Atlanta high school students are slated to take part in a pilot program that could make learning about democracy part of school curriculums nationwide.
An estimated 2,000 Atlanta Public Schools juniors and seniors will learn about the history of democracy and the importance of local government in a new initiative called Democracy Class Atlanta.
“APS students live in the cradle of the civil rights movement, and there is no better way to carry on that legacy than for our students to help launch Democracy Class Atlanta,” Atlanta Board of Education chair Jason Esteves said in a statement.
Teachers are being trained this week in the Democracy class lesson plan. Students will then have two 45-minute classes over the next five weeks, Selena Florence, APS assistant superintendent over teaching and learning, told Atlanta Civic Circle.
“It’ll be incorporated into already established classes,” such as U.S. History and Government, Florence added.
To ensure young people had a say in the curriculum, 10 APS students serve on the Atlanta Youth Civic Advisory Council which helped shape the curriculum for the Democracy class. The council includes Zakai Beck, a senior at Carver Early College; Anne Ware and Kaden Prater, both juniors at Carver; Raymond Bedell, a senior at Frederick Douglass High School; Kelly Tran and Annie Robinson, both seniors at Midtown High School (formerly Grady High School); Titus Graves, a junior at Maynard Holbrook Jackson High School; Elizabeth Millman and Jaiden Thomas, both seniors at Maynard Jackson; and King Walker, a senior at Booker T. Washington High School.
“It’s an important topic, especially right now in our current society,” Florence said. “We want to make sure students are informed and that we are doing our part as a system and throughout this partnership, to make sure that our students are engaging in the democratic process. We’re preparing them for actual voting when it’s their time.”
The program comes at a time when young people across the country have become more civically and politically active in their communities.
Last year, scores of young Americans took to the streets to protest racial injustice, police brutality and other problems. They also voted in record numbers in the presidential election, accounting for 17 percent of voters who cast ballots, according to Generation Progress, a national youth advocacy and education organization.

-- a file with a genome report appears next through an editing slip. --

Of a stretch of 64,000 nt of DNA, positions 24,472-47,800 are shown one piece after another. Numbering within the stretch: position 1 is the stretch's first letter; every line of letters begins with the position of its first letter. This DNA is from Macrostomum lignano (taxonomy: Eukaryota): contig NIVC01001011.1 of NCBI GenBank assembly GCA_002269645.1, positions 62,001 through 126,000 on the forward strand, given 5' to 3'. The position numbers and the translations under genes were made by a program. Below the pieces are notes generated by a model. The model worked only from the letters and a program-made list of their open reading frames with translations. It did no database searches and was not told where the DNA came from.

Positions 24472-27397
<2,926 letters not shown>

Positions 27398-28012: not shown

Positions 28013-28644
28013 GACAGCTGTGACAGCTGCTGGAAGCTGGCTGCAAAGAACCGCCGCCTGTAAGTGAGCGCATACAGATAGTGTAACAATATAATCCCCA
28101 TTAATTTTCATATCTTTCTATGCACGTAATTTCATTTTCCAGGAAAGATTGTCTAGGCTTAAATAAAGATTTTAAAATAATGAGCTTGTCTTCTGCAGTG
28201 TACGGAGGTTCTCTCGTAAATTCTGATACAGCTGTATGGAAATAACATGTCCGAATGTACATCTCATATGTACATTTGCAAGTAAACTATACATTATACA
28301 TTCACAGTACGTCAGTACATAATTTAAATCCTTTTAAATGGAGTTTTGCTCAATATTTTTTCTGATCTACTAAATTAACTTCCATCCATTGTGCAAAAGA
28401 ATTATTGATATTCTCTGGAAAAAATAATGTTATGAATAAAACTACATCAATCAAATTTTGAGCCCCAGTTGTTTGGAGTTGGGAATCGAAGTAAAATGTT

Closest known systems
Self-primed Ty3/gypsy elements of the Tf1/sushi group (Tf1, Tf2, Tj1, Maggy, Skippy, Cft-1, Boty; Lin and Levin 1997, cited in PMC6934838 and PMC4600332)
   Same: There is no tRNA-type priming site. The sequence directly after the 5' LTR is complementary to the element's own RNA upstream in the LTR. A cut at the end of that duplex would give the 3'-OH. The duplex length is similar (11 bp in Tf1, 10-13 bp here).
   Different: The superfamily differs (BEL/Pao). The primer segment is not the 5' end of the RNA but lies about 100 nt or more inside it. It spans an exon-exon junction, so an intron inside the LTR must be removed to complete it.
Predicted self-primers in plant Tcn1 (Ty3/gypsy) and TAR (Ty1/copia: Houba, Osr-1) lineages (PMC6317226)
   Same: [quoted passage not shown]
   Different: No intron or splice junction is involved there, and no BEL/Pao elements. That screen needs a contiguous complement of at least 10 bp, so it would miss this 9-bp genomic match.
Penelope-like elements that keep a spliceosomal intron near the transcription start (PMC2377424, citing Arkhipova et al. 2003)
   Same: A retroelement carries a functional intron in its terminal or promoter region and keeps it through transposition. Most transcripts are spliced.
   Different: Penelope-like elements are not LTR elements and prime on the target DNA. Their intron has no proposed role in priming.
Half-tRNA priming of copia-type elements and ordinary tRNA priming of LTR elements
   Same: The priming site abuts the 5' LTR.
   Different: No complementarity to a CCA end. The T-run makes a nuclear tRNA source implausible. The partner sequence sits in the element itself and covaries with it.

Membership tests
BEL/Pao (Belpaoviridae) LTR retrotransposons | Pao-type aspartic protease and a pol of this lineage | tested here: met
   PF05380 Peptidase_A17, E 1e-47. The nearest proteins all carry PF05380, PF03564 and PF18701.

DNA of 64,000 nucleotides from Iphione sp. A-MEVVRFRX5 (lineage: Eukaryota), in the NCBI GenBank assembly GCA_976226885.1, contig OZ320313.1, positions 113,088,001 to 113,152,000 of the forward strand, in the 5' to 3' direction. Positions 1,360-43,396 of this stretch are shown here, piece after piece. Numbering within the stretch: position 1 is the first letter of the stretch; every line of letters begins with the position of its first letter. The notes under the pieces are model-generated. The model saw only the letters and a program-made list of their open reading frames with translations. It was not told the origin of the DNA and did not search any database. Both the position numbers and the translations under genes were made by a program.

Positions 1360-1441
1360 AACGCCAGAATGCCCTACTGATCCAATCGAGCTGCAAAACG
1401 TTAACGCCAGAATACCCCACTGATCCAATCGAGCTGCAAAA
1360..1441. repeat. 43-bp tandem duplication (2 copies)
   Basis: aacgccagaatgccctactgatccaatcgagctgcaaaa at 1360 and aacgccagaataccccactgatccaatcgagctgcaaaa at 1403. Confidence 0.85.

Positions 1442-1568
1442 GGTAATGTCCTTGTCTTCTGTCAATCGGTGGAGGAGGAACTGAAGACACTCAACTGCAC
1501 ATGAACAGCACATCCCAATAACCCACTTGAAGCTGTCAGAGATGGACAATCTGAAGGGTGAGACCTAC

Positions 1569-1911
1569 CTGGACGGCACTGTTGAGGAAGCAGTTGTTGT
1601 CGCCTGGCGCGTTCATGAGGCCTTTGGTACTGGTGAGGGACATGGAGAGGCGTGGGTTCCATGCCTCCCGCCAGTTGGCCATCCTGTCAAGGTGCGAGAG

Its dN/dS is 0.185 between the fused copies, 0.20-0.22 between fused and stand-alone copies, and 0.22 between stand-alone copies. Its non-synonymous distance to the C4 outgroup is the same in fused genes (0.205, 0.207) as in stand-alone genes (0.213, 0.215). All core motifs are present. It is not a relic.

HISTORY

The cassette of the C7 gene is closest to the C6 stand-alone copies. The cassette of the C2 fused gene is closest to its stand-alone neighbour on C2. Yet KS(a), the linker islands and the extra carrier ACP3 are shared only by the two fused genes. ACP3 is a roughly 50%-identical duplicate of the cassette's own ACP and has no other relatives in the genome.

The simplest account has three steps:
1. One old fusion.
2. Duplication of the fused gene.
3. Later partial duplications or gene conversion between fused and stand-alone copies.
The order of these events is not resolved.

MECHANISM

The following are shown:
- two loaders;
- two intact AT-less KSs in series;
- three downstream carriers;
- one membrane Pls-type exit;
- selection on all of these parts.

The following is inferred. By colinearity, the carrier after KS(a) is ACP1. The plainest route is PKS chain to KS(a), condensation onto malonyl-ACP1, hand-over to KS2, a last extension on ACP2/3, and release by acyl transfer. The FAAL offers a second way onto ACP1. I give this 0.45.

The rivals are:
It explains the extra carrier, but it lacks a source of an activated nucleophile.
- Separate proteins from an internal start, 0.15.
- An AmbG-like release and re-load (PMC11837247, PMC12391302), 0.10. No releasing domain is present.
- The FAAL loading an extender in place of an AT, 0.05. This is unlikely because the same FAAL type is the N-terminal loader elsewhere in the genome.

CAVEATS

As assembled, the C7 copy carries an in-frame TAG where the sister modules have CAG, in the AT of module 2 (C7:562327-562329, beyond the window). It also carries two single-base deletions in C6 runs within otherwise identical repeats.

The Center for Information and Research on Civic Learning and Engagement (CIRCLE), a non-profit youth vote research organization out of Tufts University, estimates between 53 and 56 percent of people under the age of 30 voted in the 2020 election, and the importance of this voting bloc is expected to grow. Millions of young Americans coming of voting age are expected to cast their votes for the first time in next year’s midterm elections and the presidential race in 2024.
Anne Steib, an Atlanta parent whose daughter is a junior at Midtown High, wasn’t aware of the class until Atlanta Civic Circle informed her. She thinks the concept is a good one, especially since her daughter is taking U.S. history this year.
“It ties in with U.S. history,” Steib said. “We want them to vote and get involved because they’ll be the next group of people running the country.”
Democracy Class Atlanta is believed to be the first of its kind — an initiative that brings together a major school system, voting rights groups and the sports and entertainment world to teach young people about the system that governs the United States.
The democracy initiative builds upon existing partnerships among APS, Rock The Vote, the New Georgia Project, Atlanta Falcons, Atlanta United, and the Good Trouble campaign. The initiative was announced on Aug. 6, the 56th anniversary of the Voting Rights Act.
“This is a pilot that we’re hoping to continue building on in Atlanta and replicate in other cities to empower youth across the country,” Rock The Vote President and Executive Director Carolyn DeWitt told Atlanta Civic Circle. “We ultimately hope that through this class, students will gain practical knowledge about how our democracy works, their role in it, and how to engage and participate.”
Rock The Vote is a 31-year-old nonpartisan, nonprofit dedicated to increasing young people’s political awareness.
DeWitt said students will be able to sign up to be volunteers or poll workers or get election reminders or register to vote if they are eligible.
“We are incredibly proud to join this effort to educate and inform our youngest voters and soon-to-be voters in Atlanta,” Kendra Cotton, chief operating officer at New Georgia Project, said.
“Every voice and every vote matters, and the right to vote is simply sacred,” Arthur M. Blank, chairman of AMB Sports and Entertainment, said. “By leveraging our voices and our collection of assets at the Blank Family of Businesses, we are committed to educating, inspiring and celebrating a culture of year-round civic participation, especially among our young people who are the promise of our future.”
The Democracy Class Atlanta session ends with a celebration in the Home Depot Backyard at Mercedes-Benz Stadium on Sept. 28, National Voter Registration Day. The Atlanta Civic Youth Advisory Council is planning a pep rally for the end-of-class celebration.
What do you think about the potential of such a program? Email Tammy Joyner with your thoughts, or sound off in the comments section.